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The other night I watched the movie Airport (1970; Burt Lancaster, Dean Martin and Jean Seberg). Passengers in its airport scenes were carrying old-fashioned luggage like your grandparents once used: plump rectangular Samsonite chunks with single handles. Looking at this obsolete luggage was slightly cringe-inducing for a 21st-century traveller, sort of like watching an eightysomething shovel dense wet snow. People really used to do this? As an added bonus, the passengers who weren’t carrying luggage were smoking — rarely has 1970 ever felt so far away. All in all, it seemed more like Bruegel the Elder’s 16th century than it did Richard Nixon’s America, and it certainly made it clear how far not just air travel but airline terminals have come in the past four decades.

Can you guess what the single biggest factor for change in airport design has been over recent decades? The answer is: wheeled luggage, and because of this, most every surface in a modern airport has been made as smooth and flat as possible, with bumps and gaps eliminated — just a seamless plane to ensure that the trundling of your luggage is both quiet and stylish. This smoothness helps define an airport’s sexy allure. It’s the opposite of your daily life, and this relentless smoothness lends most airports a borderline life-after-death tone. Sometimes an airport’s spell of smoothness is broken and we’re returned to the mundane realm. For me, this happens each time I visit the Air Canada domestic lounge of Vancouver International Airport, where the architect chose rough, lumpy chunks as flooring, and anything on wheels, be it a demure carry-on or the Rubbermaid cleaning trolley, sounds like Kimba the elephant on a rampage.

Women living in industrialised countries tend to fall and break their hips more than women in less industrialised countries. For decades, this tendency was accredited to some sort of lack in the diets of the western woman — or to a long-term accumulation of toxins — or to some sort of existential failing on the part of modernity. The real reason, it turned out, had nothing to do with these notions. We in the western world walk almost entirely on flat, smooth surfaces. Because of this, stabiliser muscles in the ankle and lower leg remain largely undeveloped so that when a disruption is encountered, the muscles and reflexes needed to cope with it aren’t there, so people trip. It’s that simple. There’s a lot to be said for walking in nature, and it’s not just for the fresh air.

Segways are terrific. They really are, and anyone who’s ever used one will testify to this. The thing about Segways is that they’re like flying dreams. You just think of going somewhere and they take you there effortlessly and with no learning curve. They are like walking or running but with all the boring bits removed. But boy, did Segway blow it. It’s possibly the best product ever destroyed by clueless consumer and regulatory rollout. I suspect that in the future, when energy and noise pressures grow too large, people will rediscover the Segway. But I hope they’ll then call it something else and release it into the world more intelligently. A few years back, I visited Austin, Texas, where Segways are street legal. I remember people in the streets using them for day-to-day living . . . And talk about futuristic. Forget flying cars. Segways were it.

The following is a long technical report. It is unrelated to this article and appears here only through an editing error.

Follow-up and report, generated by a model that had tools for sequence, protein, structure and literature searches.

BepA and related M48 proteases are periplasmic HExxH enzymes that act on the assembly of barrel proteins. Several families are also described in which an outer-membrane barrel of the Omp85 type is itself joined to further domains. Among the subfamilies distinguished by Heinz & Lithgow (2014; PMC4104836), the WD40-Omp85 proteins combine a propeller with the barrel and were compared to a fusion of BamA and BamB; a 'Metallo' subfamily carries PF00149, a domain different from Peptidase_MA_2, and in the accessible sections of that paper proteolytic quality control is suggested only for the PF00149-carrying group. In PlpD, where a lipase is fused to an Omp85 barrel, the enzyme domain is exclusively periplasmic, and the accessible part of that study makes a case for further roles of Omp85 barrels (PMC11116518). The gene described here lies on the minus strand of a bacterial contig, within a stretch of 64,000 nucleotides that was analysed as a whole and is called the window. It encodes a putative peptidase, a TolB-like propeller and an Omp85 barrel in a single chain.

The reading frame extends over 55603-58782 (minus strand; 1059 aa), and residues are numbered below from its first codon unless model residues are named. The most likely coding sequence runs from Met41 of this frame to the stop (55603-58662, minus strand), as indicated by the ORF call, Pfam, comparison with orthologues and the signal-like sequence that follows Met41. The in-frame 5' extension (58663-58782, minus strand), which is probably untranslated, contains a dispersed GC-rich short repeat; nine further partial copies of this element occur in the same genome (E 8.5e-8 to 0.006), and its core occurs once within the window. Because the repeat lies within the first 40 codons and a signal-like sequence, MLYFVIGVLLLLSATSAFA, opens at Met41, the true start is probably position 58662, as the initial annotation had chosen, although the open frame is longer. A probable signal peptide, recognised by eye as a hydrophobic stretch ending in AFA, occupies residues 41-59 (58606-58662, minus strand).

In the past year I’ve taken trains throughout Europe and, as someone who comes from a place where there are, for all practical purposes, no trains nor places to go in them, European train travel can never for me lose that seamless sensation of infranational fluidity — the magic of floating from one country into another atop a continent as polished as the terrazzo flooring of Heathrow, Schiphol or da Vinci. Newspapers. Magazines. Meals. The countryside. Hey — wanna go to Warsaw this afternoon? The procedural logistics of crossing between Canada and the US in a train rivals a trip into East Germany in the 1960s, whereas four border crossings on a small Eurotrip is no big deal. I never take this for granted but my impression of Europeans is that they do take it for granted, yet also that this may be coming to an end. In spring I took the Thalys rail line between Holland and France several times, and when photos of last month’s failed gun attack made the internet I found myself saying, Ahh, yes, the distinctive Thalys maroon upholstering. The head-buzz of having had half a cup of coffee too many. A soiled and finger-worn copy of Le Figaro. Trying to get some, any, form of 3G connection. Whoosh!

There are few utopias in western culture. The senior prom. Two weeks in Hawaii. Maybe win the lottery. Hollywood. Retirement. Yet all of these utopias are being chipped away at. One has one’s prom and then it’s over. Consequence-free air and land travel are being ever more securitised and stripped of ease. The mathematics of retirement make it a dream that grows further away every day. As we weaponise the physical world, only Hollywood, in league with the internet, retains some power to create a sense of someplace that transcends our daily reality. When we look back on right now from the perspective of a few decades, I suspect we’re going to think of it as the Age of Ease. And what’s wrong with that?

Afternote: I wrote this piece on a flight to Schiphol. Three minutes after deplaning, two security guards on cloud-grey Segways silently overtook me and rounded a corner. The moment was slightly thrilling, as though I’d spotted two endangered birds in the wild.

It felt like the future.

Douglas Coupland is currently artist in residence at the Google Cultural Institute in Paris. He also has a museum show at Rotterdam’s Witte de With Center for Contemporary Art.

Twitter @dougcoupland

Photograph: Ken Mayer Studios © Douglas Coupland

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